Enchant Sensory Friendly Holiday Light Maze and Market
Sunday, November 24th from 4-6 pm
Warmly welcoming all families who might benefit from a sensory-friendly evening at Enchant- the worlds largest holiday light maze and market! Our friends at Enchant heard feedback this in the past this event has been over-stimulating for families with developmental disabilities and sensory sensitivities so are proud to be opening up a sensory-friendly event on Sunday, November 24th from 4-6 pm at T-Mobile Park in Seattle.
Attendance will be limited, and both sounds and lights will be reduced significantly, creating a more welcoming environment for families with special needs. Open to kids and adults of all ages and all ability levels.
Please spread the word to other groups and families who might want to participate in this festive, and friendly event.
Tickets can be purchased here; https://enchantchristmas.com/pages/sensory-friendly-evening
Our FAQ can be found here:https://help.enchantchristmas.com/en/
This month’s Autism 200 series class is Autism 210: A Panel Discussion: Perspectives from the Autism Community
Facilitator: Gary Stobbe, MD
Panelists include: Frederick Shic, Emily Neuhaus, Jennifer DiBona, Susan Sturms, Diana Blomster, and Jennifer Annable.
If you’ve met one person with autism… you’ve met one person with autism. The autism spectrum is wide and encompasses a vast array of unique, diverse and amazing individuals, each with their own distinct set of skills, challenges and abilities. Please join us for a panel discussion as we seek to understand and explore the many views, perspectives and lived experiences of autistics, advocates, parents and professionals who serve the autism community wit the hope of building continued respect, dignity and collaboration.
Class Schedule: This class will be held Thursday, November 21, 2019 at Seattle Children’s Hospital in Wright Auditorium from 7:00 to 8:30 p.m. Please join us in person or watch on Facebook live. For more information see the Autism 200 Series webpage.
This month’s Autism 200 series class is Autism 209, Autism Care Planning: Recommended Interventions, Resources and Support, a panel discussion.
Instructor: Karen Sporn, ARNP
Our goal as nurse practitioners is to support your child’s health and well-being, by being a partner with you in their autism care planning.
This month’s Autism 200 series presentation is Autism 209: Managing Autism, a panel discussion facilitated Karen Sporn, ARNP. In this presentation a panel from Seattle Children’s Autism Center will discuss what the role of nurse practitioner entails, including developmental monitoring; autism-related health assessment and treatment recommendations; medication consultation and management; and coordination of care and services.
Class Schedule: This class will be held Thursday, October 17, 2019, at Seattle Children’s Hospital in Wright Auditorium from 7:00 to 8:30 p.m. Please join us in person or watch on Facebook live. For more information see the Autism 200 Series webpage.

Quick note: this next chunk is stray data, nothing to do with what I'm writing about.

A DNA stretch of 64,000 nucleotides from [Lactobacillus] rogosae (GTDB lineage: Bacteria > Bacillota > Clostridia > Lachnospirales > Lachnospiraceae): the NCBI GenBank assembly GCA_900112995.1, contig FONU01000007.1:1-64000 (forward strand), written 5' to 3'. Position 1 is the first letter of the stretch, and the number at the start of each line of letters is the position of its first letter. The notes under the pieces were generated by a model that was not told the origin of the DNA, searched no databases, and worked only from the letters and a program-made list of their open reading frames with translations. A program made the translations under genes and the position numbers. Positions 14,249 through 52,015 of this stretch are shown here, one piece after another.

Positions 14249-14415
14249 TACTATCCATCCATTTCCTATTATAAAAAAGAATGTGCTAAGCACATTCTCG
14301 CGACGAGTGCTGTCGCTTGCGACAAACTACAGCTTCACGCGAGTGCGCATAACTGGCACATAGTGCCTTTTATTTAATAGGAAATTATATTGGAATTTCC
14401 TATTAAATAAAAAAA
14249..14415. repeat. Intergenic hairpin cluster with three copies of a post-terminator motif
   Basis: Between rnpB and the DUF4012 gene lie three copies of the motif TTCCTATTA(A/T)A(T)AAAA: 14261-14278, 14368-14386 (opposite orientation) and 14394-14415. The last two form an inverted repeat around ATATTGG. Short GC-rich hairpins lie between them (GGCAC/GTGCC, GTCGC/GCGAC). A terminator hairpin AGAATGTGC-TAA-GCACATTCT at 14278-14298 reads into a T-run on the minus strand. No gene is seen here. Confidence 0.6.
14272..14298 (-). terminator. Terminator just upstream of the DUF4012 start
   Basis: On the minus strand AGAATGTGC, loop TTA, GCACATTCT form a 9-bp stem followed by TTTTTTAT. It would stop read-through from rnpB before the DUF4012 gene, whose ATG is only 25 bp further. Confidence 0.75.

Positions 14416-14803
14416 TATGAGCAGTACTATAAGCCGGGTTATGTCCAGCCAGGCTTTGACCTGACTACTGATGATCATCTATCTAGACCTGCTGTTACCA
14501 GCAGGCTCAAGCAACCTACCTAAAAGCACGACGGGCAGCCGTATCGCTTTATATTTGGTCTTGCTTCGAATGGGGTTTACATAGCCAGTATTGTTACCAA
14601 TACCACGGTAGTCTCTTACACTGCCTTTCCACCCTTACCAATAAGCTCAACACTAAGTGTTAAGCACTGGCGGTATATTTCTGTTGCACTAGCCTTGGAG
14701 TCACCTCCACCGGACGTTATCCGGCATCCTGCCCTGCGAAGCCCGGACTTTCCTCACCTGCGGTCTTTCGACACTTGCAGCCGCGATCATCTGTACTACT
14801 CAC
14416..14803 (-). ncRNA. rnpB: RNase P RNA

Trick or Treat at the Autism Center!
Seattle Children’s Autism Center holds an annual Trick or Treat practice party in the welcoming halls of the Autism Center. A (very) autism-friendly event for the entire family. Bring friends! All welcome at this relaxed fun-filled event designed for your family.
Come enjoy door-to-door trick or treating, costumes, treats, games, prizes, and our memorable sensory room. Dr. Travis Nelson from The Center for Pediatric Dentistry will be on hand with toothbrushes and non sugar goodie bags. Saturday October 26th from 10 am – noon. Seattle Children’s Autism Center 4909 25th Ave NE, Seattle 98105. Plenty of parking in front. Lots of volunteers to play with your goblins. Come feel at home in the hallways of the Autism Center.
8 tips for a safe and enjoyable Halloween for your child with autism:
- Let your child practice wearing their costume at home. This gives you time to make any last minute modifications and time for your child to get used to it.
- Write a social story describing what your child will do on Halloween.
- Create a visual schedule. This might include a map of where you will go.
- Practice trick or treating in a familiar environment. Visit friends and family, if possible, even neighbors.
- Keep trick or treating short and comfortable. Consider letting siblings (that might want to go longer) go trick or treating with a friend.
- Use role play to practice receiving and giving treats.
- If your child has difficulty with change, you may want to decorate your home gradually.
- Remember, Halloween looks different for every child on the spectrum and you know your child best. Use your intuition and if you only make it to three houses, that’s okay!
Hope to see you there!
Here are a couple links to helpful Halloween information:
Trick or Treat Social Story
2019 CAC Trick or Treat Flyer
All About Halloween – A Personalized Social Story
Hang this sign on your door or window to let visitors know that your home is autism friendly
5 Ways To Help Your Special Kid Love Halloween As Much As You Do!
Autism Speak: Happy Halloween – Making the holiday fun for everyone
Welcome to the October edition of Ask Dr. Emily!
We often receive questions that we want to share with all our readers. To help with this, Dr. Emily Neuhaus, a clinical psychologist at Seattle Children’s Autism Center, will share insights in a question and answer format. Read full post »